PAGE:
1831 Princess Louise of Denmark (1750–1831) born to Frederick V of Denmark and Louise of Great Britain. Her eldest daughter, Marie of Hesse-Kassel, was the wife of Frederick VI of Denmark
1831 Giuseppe Longhi an Italian printmaker and writer.
1833 Marie-Antoine Carême an early practitioner and exponent of the elaborate style of cooking known as grande cuisine, the "high art" of French cooking: a grandiose style of cookery favoured by both international royalty and by the newly rich of Paris. Carême is often considered as one of the first internationally renowned celebrity chefs
1834 William Grenville 1st Baron Grenville a British Whig statesman. He served as Prime Minister of the United Kingdom from 1806 to 1807 as head of the Ministry of All the Talents
1839 Joseph Anton Koch perhaps the most significant neoclassical landscape painter.
1842 Wilhelm Traugott Krug a German philosopher and writer.
1843 Prince Antonio Count of Lecce a son of Francis I of the Two Sicilies and a brother of Ferdinand II King of the Two Sicilies. Known by his tile of Count of Lecce, he was killed at age 26
1848 Karl Friedrich von dem Knesebeck a Prussian field marshal and military adviser in the Napoleonic Wars.
1851 Henry Pelham-Clinton 4th Duke of Newcastle a British nobleman and politician who played a leading part in British politics in the late 1820s and early 1830s. He was styled Lord Clinton from birth until 1794 and Earl of Lincoln between 1794 and 1795
1855 Maria Theresa of Austria (1801–1855) born an Archduchess of Austria and Princess of Tuscany. In 1817 she married and became the Queen of Sardinia. She was the wife of King Charles Albert of Sardinia and a daughter of Ferdinand III, Grand Duke of Tuscany, and Luisa of Naples and Sicily. She was named after her double great grandmother Empress Maria Theresa
1856 Ľudovít Štúr the leader of the Slovak national revival in the 19th century, the author of the Slovak language standard eventually leading to the contemporary Slovak literary language. Štúr was an organizer of the Slovak volunteer campaigns during the 1848 Revolution, he was also politician, poet, journalist, publisher, teacher, philosopher, linguist and member of the Hungarian Parliament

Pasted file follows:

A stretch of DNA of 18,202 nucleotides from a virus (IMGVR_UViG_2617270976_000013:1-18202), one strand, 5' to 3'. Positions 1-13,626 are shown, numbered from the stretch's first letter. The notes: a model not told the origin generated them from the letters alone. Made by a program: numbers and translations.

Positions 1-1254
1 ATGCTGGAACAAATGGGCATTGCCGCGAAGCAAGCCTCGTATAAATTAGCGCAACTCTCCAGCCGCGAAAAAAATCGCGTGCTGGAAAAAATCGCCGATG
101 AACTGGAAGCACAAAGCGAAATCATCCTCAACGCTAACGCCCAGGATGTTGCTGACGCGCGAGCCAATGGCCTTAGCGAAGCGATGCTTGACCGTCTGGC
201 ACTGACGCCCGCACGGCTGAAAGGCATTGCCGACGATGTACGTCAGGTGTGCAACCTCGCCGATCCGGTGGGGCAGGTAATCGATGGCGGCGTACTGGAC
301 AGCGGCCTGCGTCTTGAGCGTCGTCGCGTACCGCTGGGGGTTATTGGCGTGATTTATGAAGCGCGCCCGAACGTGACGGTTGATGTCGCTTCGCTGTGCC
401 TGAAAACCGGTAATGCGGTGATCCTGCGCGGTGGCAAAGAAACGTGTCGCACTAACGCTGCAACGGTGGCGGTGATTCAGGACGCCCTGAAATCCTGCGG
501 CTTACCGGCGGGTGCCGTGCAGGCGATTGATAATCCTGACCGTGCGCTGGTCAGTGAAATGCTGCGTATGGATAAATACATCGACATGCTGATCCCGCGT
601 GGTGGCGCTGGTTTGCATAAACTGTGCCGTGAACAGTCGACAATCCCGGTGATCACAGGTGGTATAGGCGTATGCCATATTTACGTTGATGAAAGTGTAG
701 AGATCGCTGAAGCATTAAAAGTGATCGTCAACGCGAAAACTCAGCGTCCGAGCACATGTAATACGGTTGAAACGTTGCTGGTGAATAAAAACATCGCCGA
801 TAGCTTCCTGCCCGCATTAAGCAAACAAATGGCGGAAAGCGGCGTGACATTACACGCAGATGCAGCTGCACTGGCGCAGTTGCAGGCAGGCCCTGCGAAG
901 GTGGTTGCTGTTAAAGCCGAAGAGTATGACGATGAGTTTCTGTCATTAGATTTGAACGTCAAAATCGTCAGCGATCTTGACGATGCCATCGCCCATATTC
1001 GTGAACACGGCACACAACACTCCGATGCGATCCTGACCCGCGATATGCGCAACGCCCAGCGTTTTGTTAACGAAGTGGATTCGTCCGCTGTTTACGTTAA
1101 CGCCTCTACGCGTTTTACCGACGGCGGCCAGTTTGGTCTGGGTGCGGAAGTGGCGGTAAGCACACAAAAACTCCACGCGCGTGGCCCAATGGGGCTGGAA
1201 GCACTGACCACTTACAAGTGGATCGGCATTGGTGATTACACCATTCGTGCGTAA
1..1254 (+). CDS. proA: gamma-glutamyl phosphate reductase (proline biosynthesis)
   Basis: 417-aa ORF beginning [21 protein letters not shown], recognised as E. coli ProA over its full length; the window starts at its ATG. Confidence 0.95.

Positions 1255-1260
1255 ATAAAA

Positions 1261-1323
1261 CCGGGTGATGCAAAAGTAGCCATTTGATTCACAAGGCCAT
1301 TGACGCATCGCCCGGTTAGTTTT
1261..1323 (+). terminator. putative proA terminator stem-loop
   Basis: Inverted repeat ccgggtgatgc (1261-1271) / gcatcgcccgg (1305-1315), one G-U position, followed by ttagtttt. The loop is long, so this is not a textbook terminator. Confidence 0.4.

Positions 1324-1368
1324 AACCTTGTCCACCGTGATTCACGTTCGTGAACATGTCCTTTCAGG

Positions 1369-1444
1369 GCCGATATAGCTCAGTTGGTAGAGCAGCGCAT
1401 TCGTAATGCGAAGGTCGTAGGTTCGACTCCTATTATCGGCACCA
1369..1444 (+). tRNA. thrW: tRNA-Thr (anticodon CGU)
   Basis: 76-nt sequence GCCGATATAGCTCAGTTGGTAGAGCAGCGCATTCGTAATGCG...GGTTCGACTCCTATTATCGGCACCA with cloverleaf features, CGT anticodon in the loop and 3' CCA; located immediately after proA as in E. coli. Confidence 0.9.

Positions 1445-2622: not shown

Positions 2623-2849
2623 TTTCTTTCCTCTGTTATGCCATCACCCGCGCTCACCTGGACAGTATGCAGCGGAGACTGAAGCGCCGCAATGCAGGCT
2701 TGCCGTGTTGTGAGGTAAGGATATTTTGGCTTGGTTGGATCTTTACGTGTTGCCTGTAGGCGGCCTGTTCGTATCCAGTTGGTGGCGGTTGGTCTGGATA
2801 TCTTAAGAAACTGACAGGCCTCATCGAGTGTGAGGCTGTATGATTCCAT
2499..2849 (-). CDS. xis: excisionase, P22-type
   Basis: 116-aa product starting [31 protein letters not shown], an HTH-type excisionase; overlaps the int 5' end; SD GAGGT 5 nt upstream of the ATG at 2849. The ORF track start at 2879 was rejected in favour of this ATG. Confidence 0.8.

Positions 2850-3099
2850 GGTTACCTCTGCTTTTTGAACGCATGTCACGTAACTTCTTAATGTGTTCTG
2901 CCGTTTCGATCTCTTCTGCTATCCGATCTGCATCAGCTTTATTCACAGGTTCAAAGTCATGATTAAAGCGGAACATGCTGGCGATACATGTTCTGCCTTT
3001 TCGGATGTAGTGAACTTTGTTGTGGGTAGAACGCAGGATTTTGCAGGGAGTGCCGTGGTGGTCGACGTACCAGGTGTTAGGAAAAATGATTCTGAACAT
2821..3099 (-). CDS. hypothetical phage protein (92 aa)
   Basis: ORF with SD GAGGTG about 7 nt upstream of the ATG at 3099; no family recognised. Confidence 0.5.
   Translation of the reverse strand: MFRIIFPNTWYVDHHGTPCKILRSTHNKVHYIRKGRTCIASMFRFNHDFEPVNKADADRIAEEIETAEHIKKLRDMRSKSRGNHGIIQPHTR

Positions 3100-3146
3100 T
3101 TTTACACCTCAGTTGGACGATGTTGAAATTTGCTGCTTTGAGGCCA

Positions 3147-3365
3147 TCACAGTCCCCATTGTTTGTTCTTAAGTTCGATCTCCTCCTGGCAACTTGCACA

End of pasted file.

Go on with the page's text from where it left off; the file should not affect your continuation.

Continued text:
1861 Václav Hanka a Czech philologist.
1865 Karl Ullmann a German Calvinist theologian from the Electoral Palatinate.
1865 Kunisada the most popular, prolific and financially successful designer of ukiyo-e woodblock prints in 19th-century Japan. In his own time, his reputation far exceeded that of his contemporaries, Hokusai, Hiroshige and Kuniyoshi
1869 Désiré Dalloz a French jurist, politician and publisher.
1871 Konstantin Konstantinov a Russian artillery officer and scientist in the fields of artillery, rocketry and instrument making. He completed his military career at the rank of Lieutenant General
1871 Auguste Anicet-Bourgeois a French dramatist. He was born in Paris
1875 Tongzhi Emperor the tenth emperor of the Qing Dynasty, and the eighth Qing emperor to rule over China. His reign, from 1861 to 1875, which effectively lasted through his adolescence, was largely overshadowed by the rule of his mother Empress Dowager Cixi. Although he had little influence over state affairs, the events of his reign gave rise to what historians call the "Tongzhi Restoration", an unsuccessful attempt to stabilise and modernise China
1877 Wilhelm Hofmeister a German biologist and botanist. He "stands as one of the true giants in the history of biology and belongs in the same pantheon as Darwin and Mendel." He was largely self-taught
1877 François Buloz a French littérateur, magazine editor, and theater administrator.
1879 Auguste Ambroise Tardieu a French medical doctor and the pre-eminent forensic medical scientist of the mid-19th century.